My fellow Americans, today you sent a message to the whole world,” she says. Our values endure. Our democracy stands strong. Our motto remains: “e pluribus unum.” One, out of many.

Our differences will not define us. It will not be us against them. Everyone can achieve the American dream. We were faced with two different visions of America through a hard-fought campaign. We will discuss how we can grow and live together in a future filled with promise and peril.

This election was fundamentally about challenging us to define what it meant to be American in 21st-century America. For aiming for unity, decency and what President Lincoln described as the ‘better angels of our nature’ That was our challenge.

You renewed democracy today with your children and your neighbours by your side. With old and new friends as one. You have made our democracy a better place because of the respect you’ve shown me. I’ve met women who were born before women had the right to vote. They’ve been waiting a hundred years for tonight.

I’ve met little boys and girls who didn’t understand why a woman has never been president before. Now they know, and the world knows, that in America, every boy and every girl can grow up to be whatever they dream — even president of the United States.

All Americans can celebrate this victory. Women and men. Girls and boys. Because as our country has proven once again, when there are no ceilings, the sky’s the limit.

When you look deep enough in the murky waters of politics you will find something real and hard to believe. We are united by a foundation of basic values. Today, you have proven that.

An American coalition embraced the vision of a bright, open-minded, hopeful America, in spite of being divided by religion and race, culture and class, as well as paralyzing partisanship.

America that values women and welcomes immigrants. Veterans are respected, parents and workers get fair wages. An America where we believe in science, where we look beyond people’s disabilities and see their possibilities, where marriage is a right and discrimination is wrong. It doesn’t matter what race, gender, origin, and who you love.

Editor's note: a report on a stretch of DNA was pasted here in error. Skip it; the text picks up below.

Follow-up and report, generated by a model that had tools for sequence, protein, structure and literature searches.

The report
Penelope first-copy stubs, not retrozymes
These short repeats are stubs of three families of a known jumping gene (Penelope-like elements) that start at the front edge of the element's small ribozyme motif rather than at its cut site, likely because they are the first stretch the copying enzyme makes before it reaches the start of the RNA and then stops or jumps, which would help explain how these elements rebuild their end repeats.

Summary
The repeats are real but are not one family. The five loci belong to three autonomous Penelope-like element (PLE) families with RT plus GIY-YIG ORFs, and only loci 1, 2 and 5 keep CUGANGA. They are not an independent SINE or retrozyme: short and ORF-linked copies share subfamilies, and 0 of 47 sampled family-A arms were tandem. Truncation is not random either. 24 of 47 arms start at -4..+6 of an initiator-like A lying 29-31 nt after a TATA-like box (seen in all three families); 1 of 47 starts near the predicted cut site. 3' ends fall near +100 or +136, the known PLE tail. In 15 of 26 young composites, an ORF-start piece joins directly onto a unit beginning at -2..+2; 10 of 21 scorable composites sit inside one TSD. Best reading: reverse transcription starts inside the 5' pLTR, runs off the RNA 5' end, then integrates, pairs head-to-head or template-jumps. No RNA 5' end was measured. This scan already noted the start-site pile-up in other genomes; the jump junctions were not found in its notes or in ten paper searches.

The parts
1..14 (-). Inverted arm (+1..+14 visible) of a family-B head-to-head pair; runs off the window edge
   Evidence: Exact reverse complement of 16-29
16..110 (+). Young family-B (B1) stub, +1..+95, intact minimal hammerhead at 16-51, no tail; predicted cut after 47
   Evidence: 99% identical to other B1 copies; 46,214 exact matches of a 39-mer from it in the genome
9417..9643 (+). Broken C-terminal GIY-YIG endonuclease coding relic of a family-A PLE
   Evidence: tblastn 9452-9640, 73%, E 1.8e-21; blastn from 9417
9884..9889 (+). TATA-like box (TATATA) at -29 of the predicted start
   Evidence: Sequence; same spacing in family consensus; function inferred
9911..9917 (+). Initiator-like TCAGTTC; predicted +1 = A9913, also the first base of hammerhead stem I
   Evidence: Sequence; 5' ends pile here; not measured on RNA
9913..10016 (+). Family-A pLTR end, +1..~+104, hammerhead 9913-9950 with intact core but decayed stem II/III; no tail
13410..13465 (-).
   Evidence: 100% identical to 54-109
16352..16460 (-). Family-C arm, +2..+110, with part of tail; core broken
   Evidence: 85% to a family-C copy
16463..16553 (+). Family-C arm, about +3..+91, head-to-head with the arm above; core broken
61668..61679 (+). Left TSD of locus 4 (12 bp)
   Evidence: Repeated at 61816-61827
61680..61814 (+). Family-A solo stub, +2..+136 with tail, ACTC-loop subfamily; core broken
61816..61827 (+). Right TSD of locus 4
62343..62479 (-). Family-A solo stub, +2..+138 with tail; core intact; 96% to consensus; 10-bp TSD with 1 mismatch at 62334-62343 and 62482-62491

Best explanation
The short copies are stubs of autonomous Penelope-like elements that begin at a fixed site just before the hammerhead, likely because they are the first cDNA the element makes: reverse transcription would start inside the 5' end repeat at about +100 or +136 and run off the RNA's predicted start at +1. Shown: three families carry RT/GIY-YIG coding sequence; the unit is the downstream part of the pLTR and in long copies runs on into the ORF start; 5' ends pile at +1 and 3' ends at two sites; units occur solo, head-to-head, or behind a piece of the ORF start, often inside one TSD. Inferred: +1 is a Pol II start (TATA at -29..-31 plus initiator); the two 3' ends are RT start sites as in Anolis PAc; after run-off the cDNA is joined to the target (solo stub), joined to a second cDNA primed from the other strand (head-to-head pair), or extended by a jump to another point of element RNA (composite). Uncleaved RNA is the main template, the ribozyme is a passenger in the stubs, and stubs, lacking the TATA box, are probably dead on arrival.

A America in which everyone is counted and everybody has their place. There is a place for everyone. We all have an important role in the great American story. And yes, that absolutely includes everyone who voted for other candidates or who didn’t vote at all.

A writer asked me this summer if I could travel back in time to tell any historical figure about the milestone. It was very easy. Dorothy was my mother.

“You might have heard me tell you about her hard childhood. Her parents left her when she was eight years old. Her parents took her to California on a train. There she was mistreated and eventually left on her own.

But she found a way that offered me unconditional support and love, something she didn’t receive. I learned from her the Methodist Faith: “Do as much good as you can for everyone you can, in every way you can. For as long as you are able.”

My mother is always in my thoughts. On the train, I sometimes think of her. It would be so nice to walk along the aisle.

It would be so nice if I could go down the aisle to find those little seats made of wood, and hold on tight to my younger sister. alone. Terrified. She doesn’t yet know how much she will suffer.

She doesn’t yet know she will find the strength to escape that suffering. It is still far away. She stares at the vast landscape of country passing by and wonders what her future holds.

It is my dream to go up to her and sit next to them, holding her hand and saying “Look at us.” Hear me. You will make it through. You’ll have a loving family. Three children. Your daughter will become president, despite how difficult it may seem.

This is as true for me as any other thing I know: America is the most powerful country in the entire world. From tonight onwards, America will be even more great for all of us, because we are one nation. God bless America and thank you for your prayers.